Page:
Welcome to our Wellbeing during COVID-19 resources blog. Each of our blogs links directly to one of our 6 rules for keeping calm during the COVID crisis.
Worried that using humour might be inappropriate right now? Don’t be.
According to Dr Chloe Paiddoussis-Mitchell, a chartered counselling psychologist, humour is essential in this time of crisis.
“We can’t control what happens outside of us, but through humour we can avoid becoming overwhelmed by negative emotions such as fear, distress, anxiety, anger and depression.”
Laughter triggers a hormonal response in the brain - your adrenaline levels drop and you become more relaxed. It also increases feel good endorphins and can reduce your stress hormone cortisol.
Laughter is also proven to be contagious, affecting those around you.
There are plenty of ways to get a bit of humour into your life, from podcasts and video clips, to books and films. If you’d like to be part of some collaborative, creative humour take a look at Taskmaster on YouTube!
And if you’re after a bit of political satire and silliness, I love Michael Spicers’ The Room Next Door...
The power of a choir won’t be belittled by lockdown.
Whilst there are thousands of great videos to enjoy on platforms such as YouTube (this one of the cast of Lion King aboard a flight is a personal favourite), many choirs have found ways to unite their sound and bring collective voice to people at home.
The Sofa Singers was set up by James Sills as a result of lockdown. It brings hundreds of people together in real time for simultaneous singing.
And lastly, we’re excited to hear about Gareth Malone’s latest project involving professional and amatuer singers and musicians. You can find out how to take part here.
A simple text, tweet or call can lift someone enormously. We mentioned a story on our Facebook group about how a tweet from an ICU nurse to a radio broadcaster reminded him that his work is keeping other people’s spirits high.
Struggling for words? Why not send someone a song that reminds you of them? Send them a e-card, there are plenty of free sites with a great list available on this post.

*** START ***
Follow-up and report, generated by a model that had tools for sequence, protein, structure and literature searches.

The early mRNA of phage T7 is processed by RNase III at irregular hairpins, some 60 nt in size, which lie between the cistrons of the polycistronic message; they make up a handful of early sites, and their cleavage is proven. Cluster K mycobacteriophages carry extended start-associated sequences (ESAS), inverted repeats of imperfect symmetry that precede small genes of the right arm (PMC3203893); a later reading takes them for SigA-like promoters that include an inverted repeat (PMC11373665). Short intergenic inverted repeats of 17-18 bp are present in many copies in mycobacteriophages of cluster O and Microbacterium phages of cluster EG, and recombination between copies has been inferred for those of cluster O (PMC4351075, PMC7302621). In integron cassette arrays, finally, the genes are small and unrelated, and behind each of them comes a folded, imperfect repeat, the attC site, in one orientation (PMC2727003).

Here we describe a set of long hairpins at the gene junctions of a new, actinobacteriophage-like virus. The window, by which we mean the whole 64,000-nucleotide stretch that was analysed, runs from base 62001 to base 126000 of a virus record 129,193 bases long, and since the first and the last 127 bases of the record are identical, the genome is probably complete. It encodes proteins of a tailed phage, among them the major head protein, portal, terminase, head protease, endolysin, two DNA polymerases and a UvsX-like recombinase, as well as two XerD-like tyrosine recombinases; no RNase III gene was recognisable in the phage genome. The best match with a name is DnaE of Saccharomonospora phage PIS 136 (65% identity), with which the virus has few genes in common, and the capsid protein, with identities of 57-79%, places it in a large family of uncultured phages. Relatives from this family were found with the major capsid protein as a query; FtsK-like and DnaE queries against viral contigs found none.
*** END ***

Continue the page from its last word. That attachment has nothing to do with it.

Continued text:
This poem from Hollie McNish reminded me how important that simple, “How are you?” is for both you and the other person.
Trying to stick to a schedule that’s not working?
Don’t be bound to a sense of how things ‘should’ be done. Really, there are no hard and fast rules right now - and that goes for home-schooling too.
Lesson plans and online classrooms are a great resource, but our children are feeling the weight of incubation too.
If the day has been a struggle in terms of study, maybe share a lesson in a different way.
Explore science through meal planning and cooking. Go off-piste from the school reading list (note: George Orwell’s Animal Farm has been well received, 1984 might not be the uplifting read you or they need right now!).
The likelihood is you're already doing these things, the difference is being mindful of this as part of your children's home learning.
So if you've not completed all of the prescribed assignments or ticked off all of the spellings - GIVE YOURSELF A BREAK. You're doing a great job!
If you'd like an extra assistant with your...
Anxiety can sneak up on us, and it's not always practical or possible to take a deep time out.
Here's a great quick fix; try this breathing exercise to immediately help you in those moments of rising anxiety.
Not only is it useful during the day to create a moment of pause, it has helped me fall asleep on several occasions when even the lavender oil hasn’t worked.
Anyone who has practised yoga will testify the power of mastery of breath leading to mastery of mind. Fortunately, you don’t need to stand on your head to benefit from this exercise.
Whilst we’ve been inundated with articles on the merits of physical exercise and its benefit to our overall sense of wellbeing, it’s not the panacea of calm.
Even the nation’s PE teacher Joe Wicks has talked this week about his mental health struggles during lockdown.
We’re seeing an increased number of people reporting disturbed sleep, in fact #cantsleep has been regularly trending on Twitter.
In our online resources section, Rachel wrote that sleep is the single most important tool to improving your almost every aspect of your life.
Without good sleep no matter how well nourish our body in other ways, we will increasingly deteriorate in energy, mood and skill.
You’re probably familiar with the best sleep tips, but here’s a great reminder should you need one.
Personally lavender oil has always tricked my mind into restful sleep, quite possibly psychosomatic conditioning but successful nonetheless.